I am a huge fan of the TV show Game of Thrones. I am considering reading the books.

A part of me would like to know the rest of the story, i.e. starting at volume 3. Another part of me is afraid to get lost in the middle of stories that the TV didn't mention (i.e. starting at volume 1).

  • 4
    This is a fairly subjective question. Maybe you could ask explicitly about the reasons you are concerned about reading the books?
    – dlanod
    Aug 19, 2012 at 0:14
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    When in doubt, always read the book(s). The book is always far superior to adaptations for TV/movie. Also consider the fact that while the TV series can entertain you for hours, the books will entertain you for years.
    – TLP
    Aug 19, 2012 at 9:30
  • 3
    Who watches before reading?!
    – Raphael
    Aug 19, 2012 at 13:37
  • 4
    People not as lucky as you to know those books before they are adapted, @Raphael. Aug 20, 2012 at 19:21
  • 2
    You should read the books, because Only the books are canon. - GRRM
    – Möoz
    Feb 2, 2017 at 0:02

6 Answers 6


Definitely. The TV show only scratches the surface of what the books contain, in my opinion. Due to the constraints of the TV medium, several aspects of the books have been modified or deleted. You'll reap the full benefit of George R. R. Martin's creativity by reading the books.

One analogy that I've come across is the Lord of the Rings. The movies were great, but still don't contain all of the depth that is present in Tolkien's original books.

In the end I believe that most fans would greatly enjoy the story arcs contained within the books that the TV show was based on. You'll have the added benefit of moving ahead of where the TV series is focusing on, since the books have been out for a longer period of time.

You'll want to read the books in their original order:

  1. A Game of Thrones
  2. A Clash of Kings
  3. A Storm of Swords
  4. A Feast for Crows
  5. A Dance with Dragons

More information can be found on the author's site or the Wikipedia page for the series.

  • Does reading ahead make the show less enjoyable though?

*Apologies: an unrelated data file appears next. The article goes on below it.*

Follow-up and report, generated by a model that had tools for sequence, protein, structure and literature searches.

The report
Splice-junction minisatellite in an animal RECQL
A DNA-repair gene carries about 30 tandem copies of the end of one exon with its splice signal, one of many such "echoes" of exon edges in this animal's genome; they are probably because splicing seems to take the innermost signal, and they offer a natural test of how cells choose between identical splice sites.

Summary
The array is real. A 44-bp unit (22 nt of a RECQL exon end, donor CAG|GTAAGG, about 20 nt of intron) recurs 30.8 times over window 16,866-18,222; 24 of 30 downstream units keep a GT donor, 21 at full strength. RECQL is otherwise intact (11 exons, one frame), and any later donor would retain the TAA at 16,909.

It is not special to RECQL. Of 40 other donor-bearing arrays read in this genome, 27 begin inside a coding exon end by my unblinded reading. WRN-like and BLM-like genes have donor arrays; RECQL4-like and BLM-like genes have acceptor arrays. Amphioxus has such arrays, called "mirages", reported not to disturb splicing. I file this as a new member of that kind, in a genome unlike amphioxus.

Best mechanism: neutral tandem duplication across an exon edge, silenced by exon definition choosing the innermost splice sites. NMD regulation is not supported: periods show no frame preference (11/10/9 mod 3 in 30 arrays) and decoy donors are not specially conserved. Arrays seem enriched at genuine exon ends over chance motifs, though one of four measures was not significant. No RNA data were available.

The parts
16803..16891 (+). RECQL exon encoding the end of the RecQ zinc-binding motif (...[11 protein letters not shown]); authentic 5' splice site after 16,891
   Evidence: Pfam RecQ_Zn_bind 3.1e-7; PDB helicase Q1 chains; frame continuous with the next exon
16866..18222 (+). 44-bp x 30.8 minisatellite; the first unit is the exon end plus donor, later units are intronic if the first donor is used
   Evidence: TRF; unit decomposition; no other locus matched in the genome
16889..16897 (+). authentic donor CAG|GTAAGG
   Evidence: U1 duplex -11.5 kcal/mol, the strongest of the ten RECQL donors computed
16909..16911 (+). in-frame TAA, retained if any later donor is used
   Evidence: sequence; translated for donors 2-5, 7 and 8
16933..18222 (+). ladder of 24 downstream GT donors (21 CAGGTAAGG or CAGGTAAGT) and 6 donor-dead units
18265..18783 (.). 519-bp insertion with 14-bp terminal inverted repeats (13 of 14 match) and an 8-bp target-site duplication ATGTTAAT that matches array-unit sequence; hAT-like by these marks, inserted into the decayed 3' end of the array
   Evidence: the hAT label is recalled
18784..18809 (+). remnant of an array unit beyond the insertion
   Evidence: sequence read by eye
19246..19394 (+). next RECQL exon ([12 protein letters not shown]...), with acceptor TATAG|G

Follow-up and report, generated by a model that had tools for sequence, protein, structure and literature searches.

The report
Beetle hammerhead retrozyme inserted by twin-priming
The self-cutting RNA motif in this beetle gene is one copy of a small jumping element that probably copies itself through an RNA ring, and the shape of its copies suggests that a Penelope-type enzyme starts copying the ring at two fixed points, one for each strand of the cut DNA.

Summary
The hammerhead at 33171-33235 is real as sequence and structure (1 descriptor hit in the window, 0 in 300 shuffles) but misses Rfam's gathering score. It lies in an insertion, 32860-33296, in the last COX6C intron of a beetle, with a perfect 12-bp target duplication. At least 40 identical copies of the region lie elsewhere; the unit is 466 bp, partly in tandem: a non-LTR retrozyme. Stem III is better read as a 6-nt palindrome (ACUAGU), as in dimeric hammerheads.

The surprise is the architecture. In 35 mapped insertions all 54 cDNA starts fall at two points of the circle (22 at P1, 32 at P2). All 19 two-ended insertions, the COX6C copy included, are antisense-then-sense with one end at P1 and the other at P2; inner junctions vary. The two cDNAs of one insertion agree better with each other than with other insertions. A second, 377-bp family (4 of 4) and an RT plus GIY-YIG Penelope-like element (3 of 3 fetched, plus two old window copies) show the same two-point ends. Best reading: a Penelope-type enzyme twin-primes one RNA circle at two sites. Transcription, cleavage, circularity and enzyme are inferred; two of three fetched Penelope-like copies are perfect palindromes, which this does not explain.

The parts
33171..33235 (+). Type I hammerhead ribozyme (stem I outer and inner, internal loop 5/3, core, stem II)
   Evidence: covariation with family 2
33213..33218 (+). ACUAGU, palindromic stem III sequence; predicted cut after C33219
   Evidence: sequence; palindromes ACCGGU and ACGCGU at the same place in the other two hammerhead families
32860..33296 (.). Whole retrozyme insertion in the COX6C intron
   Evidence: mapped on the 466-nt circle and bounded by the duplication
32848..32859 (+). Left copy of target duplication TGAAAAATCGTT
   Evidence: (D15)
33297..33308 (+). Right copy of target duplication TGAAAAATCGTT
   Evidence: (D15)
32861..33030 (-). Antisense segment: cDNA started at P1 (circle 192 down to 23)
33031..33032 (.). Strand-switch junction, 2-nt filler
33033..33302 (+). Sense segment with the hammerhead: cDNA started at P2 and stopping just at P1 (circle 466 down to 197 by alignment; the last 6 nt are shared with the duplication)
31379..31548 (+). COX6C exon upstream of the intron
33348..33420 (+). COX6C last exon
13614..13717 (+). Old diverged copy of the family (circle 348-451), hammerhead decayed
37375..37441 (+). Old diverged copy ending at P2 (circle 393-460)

– Mkalafut
    Apr 8, 2014 at 20:51
  • 1
    “You'll have the added benefit of moving ahead of where the TV series is focusing on” — not any more! Jan 30, 2017 at 13:22
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    One little thing to add re. reading order: I'd suggest considering weaving the "A Knight Of The Seven Kingdoms" short stories in with this. I'd say at least try to have read The Hedge Knight and The Sworn Sword before reading A Feast For Crows - it's not strictly necessary, but A Feast For Crows and A Dance With Dragons contain a lot of subtle details and mysteries relating to events long in the past not in the TV show (e.g. Blackfyre rebellions) and these will make a lot more sense and be a lot more interesting and less confusing if you've read those short stories. Jan 30, 2017 at 16:18
  • @PaulD.Waite, very true - the TV series has moved far ahead of the books now and has diverged a bit.
    – JW8
    Feb 2, 2017 at 17:59

Absolutely. The stories are generally the same, though you will notice some differences between the TV series and the books for both dramatic and running-time reasons, but the TV series is, generally, a very faithful adaptation of the books.

If you enjoy reading and you enjoy, the television series, you should at least give the books a try. However I would suggest reading from the start, as the differences may be enough to be confusing, as you are concerned about.

  • 4
    After season 2, I would no longer say that the series is very faithful to the books. For example, not much of what happened in Qarth in the TV series was from the books, but rather freshly written.
    – TLP
    Aug 19, 2012 at 9:26

I think I have a unique, or at least a less common, perspective on this from which to lend some advice. This is going to be long, the last paragraph is a shortened version. Stack Exchange is usually about solid answers with references and empirical data, but this is a subjective question on subjective matter.

I'll start with the 1 fact that applies to this question. There are many, many differences between the books and the show. These differences usually lie in the details, but there is such an immense amount of detail in the books that it all adds up to quite a bit of difference between the 2 mediums. I give an example of one of these differences below and talk about how small it is overall but how it still brings a lot to the book.

I did not read the books yet. I plan to start reading them very soon. The 3rd season of the show is about to end tomorrow evening.

In 3 seasons, much has happened. Very big surprises and twists and turns. My chief concern was that knowing these things before hand could make the books more boring than they would have been had I not watched the show.

I have since put that concern to rest after thinking about it bit more and here's why.

I knew some things about the story before they happened in the show. Some of the things I knew simply because the internet can be hazardous when it comes to popular media spoilers. Some of the other things I knew were from scouring the ASOIAF wiki. I would be reading about a character I like and read just a tiny bit too far and glimpse something huge.

I knew the details of the Red Wedding almost a year before it aired this season just last week without reading the books. I was still amazed at the scene in the show when it finally happened, just as I was with anything else I knew prior to it happening. Come to think of it, I might have known about every single major death before it happened and my enjoyment of the series wasn't as diminished as you might think.

Things are just so interesting in these stories that knowing some of the major plot points doesn't completely ruin the adventure. The journey to each of these plot points is just as good as the pay off and the small and sometimes very big differences in the books should be much more than enough to make it worth it.